Their approach? They break through patterns and almost literally through walls in their organisation. The most successful organisations team up with genuine problem solvers. It’s a solution-oriented approach, which can be really successful if governed the right way. We like to call it a fusion team, a team that empowers digitally-skilled and solution-oriented employees to work side-by-side with the IT department while using a low-code and no-code development platform.

 

Citizen development

A fusion team brings together people with diverse professional backgrounds who use data and technology to achieve shared business outcomes. Ideally, a fusion team combines pro-developers with citizen developers. A citizen developer is a business person without coding experience that builds apps using a no-code or low-code platform.

The purpose of the professional developer, in a fusion team, is not to train the citizen developer to become a pro-developer but to bring guidance and governance to the project. Before building successful software, a fusion team will require knowledge and guidance through the software development life cycle (SDLC) phases. IT feedback is crucial to helping a fusion team understand what makes good software and how new platforms can (or cannot) integrate into an existing system. Citizen developers should receive coaching to make decisions that lead to architecturally sound, value-adding applications.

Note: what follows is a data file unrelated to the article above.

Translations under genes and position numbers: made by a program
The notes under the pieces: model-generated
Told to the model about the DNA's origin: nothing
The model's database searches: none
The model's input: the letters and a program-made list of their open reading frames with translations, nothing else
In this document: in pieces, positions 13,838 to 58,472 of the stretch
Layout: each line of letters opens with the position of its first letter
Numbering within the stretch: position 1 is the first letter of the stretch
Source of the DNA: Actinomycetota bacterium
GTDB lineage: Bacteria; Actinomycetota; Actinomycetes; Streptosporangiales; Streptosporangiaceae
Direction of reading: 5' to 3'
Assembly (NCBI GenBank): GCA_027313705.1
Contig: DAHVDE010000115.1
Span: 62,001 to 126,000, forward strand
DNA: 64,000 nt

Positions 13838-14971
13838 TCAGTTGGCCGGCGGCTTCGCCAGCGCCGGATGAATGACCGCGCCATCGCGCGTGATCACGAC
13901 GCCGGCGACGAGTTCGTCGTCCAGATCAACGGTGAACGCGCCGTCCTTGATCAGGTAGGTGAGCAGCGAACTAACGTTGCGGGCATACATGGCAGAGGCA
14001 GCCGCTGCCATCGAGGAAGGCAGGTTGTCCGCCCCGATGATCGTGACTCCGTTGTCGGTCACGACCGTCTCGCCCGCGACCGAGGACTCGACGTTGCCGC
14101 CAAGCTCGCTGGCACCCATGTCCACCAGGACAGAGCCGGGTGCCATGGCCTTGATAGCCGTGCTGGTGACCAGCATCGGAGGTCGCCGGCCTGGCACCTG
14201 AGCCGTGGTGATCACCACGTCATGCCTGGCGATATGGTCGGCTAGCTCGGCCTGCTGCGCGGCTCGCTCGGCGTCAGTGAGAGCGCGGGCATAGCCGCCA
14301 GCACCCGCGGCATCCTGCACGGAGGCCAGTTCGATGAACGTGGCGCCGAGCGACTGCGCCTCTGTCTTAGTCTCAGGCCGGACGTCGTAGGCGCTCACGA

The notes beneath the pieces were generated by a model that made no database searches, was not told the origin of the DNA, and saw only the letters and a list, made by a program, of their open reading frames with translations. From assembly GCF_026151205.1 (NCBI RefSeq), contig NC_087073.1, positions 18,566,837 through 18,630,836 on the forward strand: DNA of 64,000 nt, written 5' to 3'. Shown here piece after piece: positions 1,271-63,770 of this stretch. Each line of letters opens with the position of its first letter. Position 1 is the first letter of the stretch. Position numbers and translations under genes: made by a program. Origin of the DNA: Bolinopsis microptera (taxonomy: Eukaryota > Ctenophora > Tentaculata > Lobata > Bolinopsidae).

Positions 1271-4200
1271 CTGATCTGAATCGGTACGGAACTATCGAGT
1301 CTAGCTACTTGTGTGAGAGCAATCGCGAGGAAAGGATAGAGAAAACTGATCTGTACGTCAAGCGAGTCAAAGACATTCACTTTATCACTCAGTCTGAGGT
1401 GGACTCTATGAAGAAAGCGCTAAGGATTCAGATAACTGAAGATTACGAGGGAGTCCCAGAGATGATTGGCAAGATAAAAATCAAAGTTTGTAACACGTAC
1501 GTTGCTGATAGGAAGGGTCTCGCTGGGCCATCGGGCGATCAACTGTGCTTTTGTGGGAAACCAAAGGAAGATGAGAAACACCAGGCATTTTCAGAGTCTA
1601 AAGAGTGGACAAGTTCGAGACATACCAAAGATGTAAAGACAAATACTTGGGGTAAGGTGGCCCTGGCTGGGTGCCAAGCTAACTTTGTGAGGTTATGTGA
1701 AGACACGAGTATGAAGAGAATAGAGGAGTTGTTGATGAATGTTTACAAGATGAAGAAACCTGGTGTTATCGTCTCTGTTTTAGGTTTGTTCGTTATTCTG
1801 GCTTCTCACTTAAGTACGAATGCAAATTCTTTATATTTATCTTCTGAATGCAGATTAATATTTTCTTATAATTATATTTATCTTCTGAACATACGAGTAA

What are the challenges that a fusion team can tackle?

  • Modernisation of legacy systems. Many banks have been around for years, expanded their software, but regularly have to deal with legacy systems or even a vendor lock-in.
  • Regulations can change fast; that’s why financial organisations need to increase flexibility and improve adaptability. A flexible layer on top of core systems or legacy systems can profit the whole organisation.
  • Counter shadow IT. Thousands of employees means that a lot of solutions are single handedly-built. All these solutions can be beneficial for the employees and even for your customers, but the thing is that they are not checked and governed by IT. For example, you run the risk that they are not meeting all your security requirements.
  • Digitisation of processes, like the onboarding process for customers, is still a long paper process within financials. What if this could be 100% digital and automated? This could save you a lot of repetitive work, energy and money.

 

Create an environment for innovation

Banks tend to have difficulties setting up the right conditions to empower the workforce to innovate towards the future. Our first reaction to possible security risks is to impose more rules and restrictions, while the solution lies in a coaching attitude, independent of strict regulations. You can empower digital transformation by using a no-code or low-code platform.